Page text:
They are the unwelcome words at a wedding. Those five words, “until death do us part.” On a day of beginnings, when death and separation are furthest from our minds, those words barge in. Like in a fairytale, when a vengeful fairy crashes the royal wedding with a curse of doom. Entirely unwelcome.
Yet, entirely true; the truest part of the vows we make. In our lives together we may never be at our worst or poor or sick and our passion may never diminish. But, sadly, we will be separated by death.
On July 29, 1989, John and I made those vows. The most serious vows a person can ever make. So have many of you.
“To have and to hold from this day forward, for better or for worse; for richer, for poorer; in sickness and in health; to love and to cherish; until death do us part.”
In my white gown gazing at my handsome prince, all I could hear was: “better…richer…healthy…loved…cherished”. Weddings are days for the glass to be full and running over with excitement and promise and joy. Don’t we all rush right on past those other foreboding words?
John always said that marriage vows aren’t for the good times. Who needs to make a vow for the days of health, wealth, and wedded bliss?
Vows are for the days of married life when life is tough…
when the worst days have come;
when we’re poorer than we want to be;
when sickness strikes and stretches us thin and caring is hard;
when we’re not loving or loved, much less cherishing or cherished.
Those vows make marriage a robust place where you can be real and vulnerable, without fear that it could all disappear. They keep love anchored and keep love flickering when storms and winds blow. Reminding us: “There was a time when I believed the dream of us…” We lean hard into the promise we made. Some days are just about the will to love, and the humility to know we need His help to do it. And we had some of those days, sometimes seasons.
But, a day will come when those five words come true. Death parts us. We no longer get to keep our vows, no matter how much we want to keep loving. Instead, it is time to escort our love all the way to the edge of the hardest place.
And, the Lord walked with me every step of the way.
In those days following John’s death, I was incredibly aware that time was of the essence. In those few days when grief is acute, people are eager to gather together and remember and speak their hearts. It is a window of time that quickly fades. Never again would there be a large gathering to recognize John’s life.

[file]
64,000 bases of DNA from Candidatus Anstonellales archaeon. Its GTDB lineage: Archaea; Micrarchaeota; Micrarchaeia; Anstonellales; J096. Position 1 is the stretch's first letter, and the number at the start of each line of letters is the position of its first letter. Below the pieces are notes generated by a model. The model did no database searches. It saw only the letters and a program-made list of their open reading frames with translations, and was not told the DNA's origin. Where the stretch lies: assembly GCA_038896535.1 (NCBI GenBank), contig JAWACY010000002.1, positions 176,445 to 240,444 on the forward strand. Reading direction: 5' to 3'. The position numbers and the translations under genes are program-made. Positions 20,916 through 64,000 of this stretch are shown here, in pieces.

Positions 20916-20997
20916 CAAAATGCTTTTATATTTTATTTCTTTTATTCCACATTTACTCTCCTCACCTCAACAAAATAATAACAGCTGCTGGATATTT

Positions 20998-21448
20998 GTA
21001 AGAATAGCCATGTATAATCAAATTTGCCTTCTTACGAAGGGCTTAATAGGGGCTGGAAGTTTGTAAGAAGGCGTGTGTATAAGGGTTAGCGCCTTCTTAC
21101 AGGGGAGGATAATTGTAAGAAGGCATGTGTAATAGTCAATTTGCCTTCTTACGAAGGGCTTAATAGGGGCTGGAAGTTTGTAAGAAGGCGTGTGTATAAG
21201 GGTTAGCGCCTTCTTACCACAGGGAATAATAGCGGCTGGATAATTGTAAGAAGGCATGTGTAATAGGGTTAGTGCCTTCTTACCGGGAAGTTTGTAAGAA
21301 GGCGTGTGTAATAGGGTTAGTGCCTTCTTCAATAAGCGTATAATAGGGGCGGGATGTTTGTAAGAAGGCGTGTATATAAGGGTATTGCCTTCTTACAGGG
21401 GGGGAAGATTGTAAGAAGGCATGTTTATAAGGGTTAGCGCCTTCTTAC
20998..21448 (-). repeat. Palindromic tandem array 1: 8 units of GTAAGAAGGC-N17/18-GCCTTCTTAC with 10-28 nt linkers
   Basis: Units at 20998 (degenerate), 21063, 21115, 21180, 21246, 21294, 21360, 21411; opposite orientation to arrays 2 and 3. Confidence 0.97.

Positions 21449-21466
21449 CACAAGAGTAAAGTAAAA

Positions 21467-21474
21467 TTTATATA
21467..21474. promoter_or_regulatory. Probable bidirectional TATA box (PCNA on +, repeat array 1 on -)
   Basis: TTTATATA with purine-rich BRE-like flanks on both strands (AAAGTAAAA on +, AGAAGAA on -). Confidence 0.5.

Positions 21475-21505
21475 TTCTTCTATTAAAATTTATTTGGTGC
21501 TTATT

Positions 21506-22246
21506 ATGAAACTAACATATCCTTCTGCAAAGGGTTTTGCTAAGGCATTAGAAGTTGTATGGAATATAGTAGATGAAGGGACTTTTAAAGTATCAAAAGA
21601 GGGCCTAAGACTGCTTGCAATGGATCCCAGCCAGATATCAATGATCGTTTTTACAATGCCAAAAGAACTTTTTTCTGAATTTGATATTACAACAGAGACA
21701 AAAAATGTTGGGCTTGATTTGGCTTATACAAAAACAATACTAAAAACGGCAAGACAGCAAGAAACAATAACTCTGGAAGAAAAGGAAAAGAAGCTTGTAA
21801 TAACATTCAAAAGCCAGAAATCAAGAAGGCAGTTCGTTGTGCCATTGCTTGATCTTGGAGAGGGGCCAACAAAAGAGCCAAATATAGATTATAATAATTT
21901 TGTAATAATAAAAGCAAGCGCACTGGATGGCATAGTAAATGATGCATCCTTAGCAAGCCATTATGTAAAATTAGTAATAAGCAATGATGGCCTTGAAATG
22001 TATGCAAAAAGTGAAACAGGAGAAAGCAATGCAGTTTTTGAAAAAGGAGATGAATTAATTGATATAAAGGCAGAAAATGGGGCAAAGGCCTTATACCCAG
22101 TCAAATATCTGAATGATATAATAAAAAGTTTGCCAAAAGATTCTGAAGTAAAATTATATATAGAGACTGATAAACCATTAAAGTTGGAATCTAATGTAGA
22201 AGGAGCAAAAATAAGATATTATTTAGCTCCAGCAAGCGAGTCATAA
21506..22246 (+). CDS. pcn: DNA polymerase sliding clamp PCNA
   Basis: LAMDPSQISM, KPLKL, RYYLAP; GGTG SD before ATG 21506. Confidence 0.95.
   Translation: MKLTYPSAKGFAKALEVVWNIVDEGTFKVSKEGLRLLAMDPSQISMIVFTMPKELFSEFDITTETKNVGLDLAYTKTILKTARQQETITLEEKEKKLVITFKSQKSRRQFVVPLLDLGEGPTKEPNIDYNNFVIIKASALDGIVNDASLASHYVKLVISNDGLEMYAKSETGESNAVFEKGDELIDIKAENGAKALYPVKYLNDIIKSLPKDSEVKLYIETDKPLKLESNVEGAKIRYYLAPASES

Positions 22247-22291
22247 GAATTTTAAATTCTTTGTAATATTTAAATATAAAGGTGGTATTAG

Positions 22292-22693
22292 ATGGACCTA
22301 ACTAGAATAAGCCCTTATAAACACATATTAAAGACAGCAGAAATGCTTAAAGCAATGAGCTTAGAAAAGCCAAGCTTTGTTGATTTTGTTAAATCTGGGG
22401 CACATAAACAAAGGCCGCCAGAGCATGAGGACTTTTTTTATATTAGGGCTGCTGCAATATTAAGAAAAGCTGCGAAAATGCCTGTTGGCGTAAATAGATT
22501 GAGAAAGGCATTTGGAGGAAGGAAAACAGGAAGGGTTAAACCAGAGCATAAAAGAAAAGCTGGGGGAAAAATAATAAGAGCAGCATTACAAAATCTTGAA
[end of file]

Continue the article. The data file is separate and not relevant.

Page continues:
Yet, there was so much to do in so little time. Most of it I had never even thought about. In the midst of my shock and grief, the Lord gave me focus and strength that still amazes me.
My heart simply wanted to love and honor John to the end, to finish this part of our story well. The Lord guided me through the maze: choosing a cemetery; making hard, painful decisions and plans; writing- an obituary, a program, remembrances; and finding the funeral service John had written the year before. And He kept bringing the right people forward to make it all happen. The helpers just kept on coming.
And together we celebrated the gift of John’s life,
and it was hard, but it was beautiful.
God gave me grace to keep walking with John to the edge of the hardest place. Love made me brave, and God helped me breathe. And, then it was over. It was time to leave that place, but I didn’t leave with empty hands or heart. I took our riches with me: years filled with love and joy, four children whom love made real, and a God who has been there since the beginning of us.
And He is still here. Over and over again in the Bible He reassures us that He will never leave us. He says it often because we just can’t hear it often enough and because one day it will be the most important thing to remember. No one else can make us that promise. And no one else can keep it.
May you be blessed with deepening love no matter where your vows take you. I am praying for your love to flourish.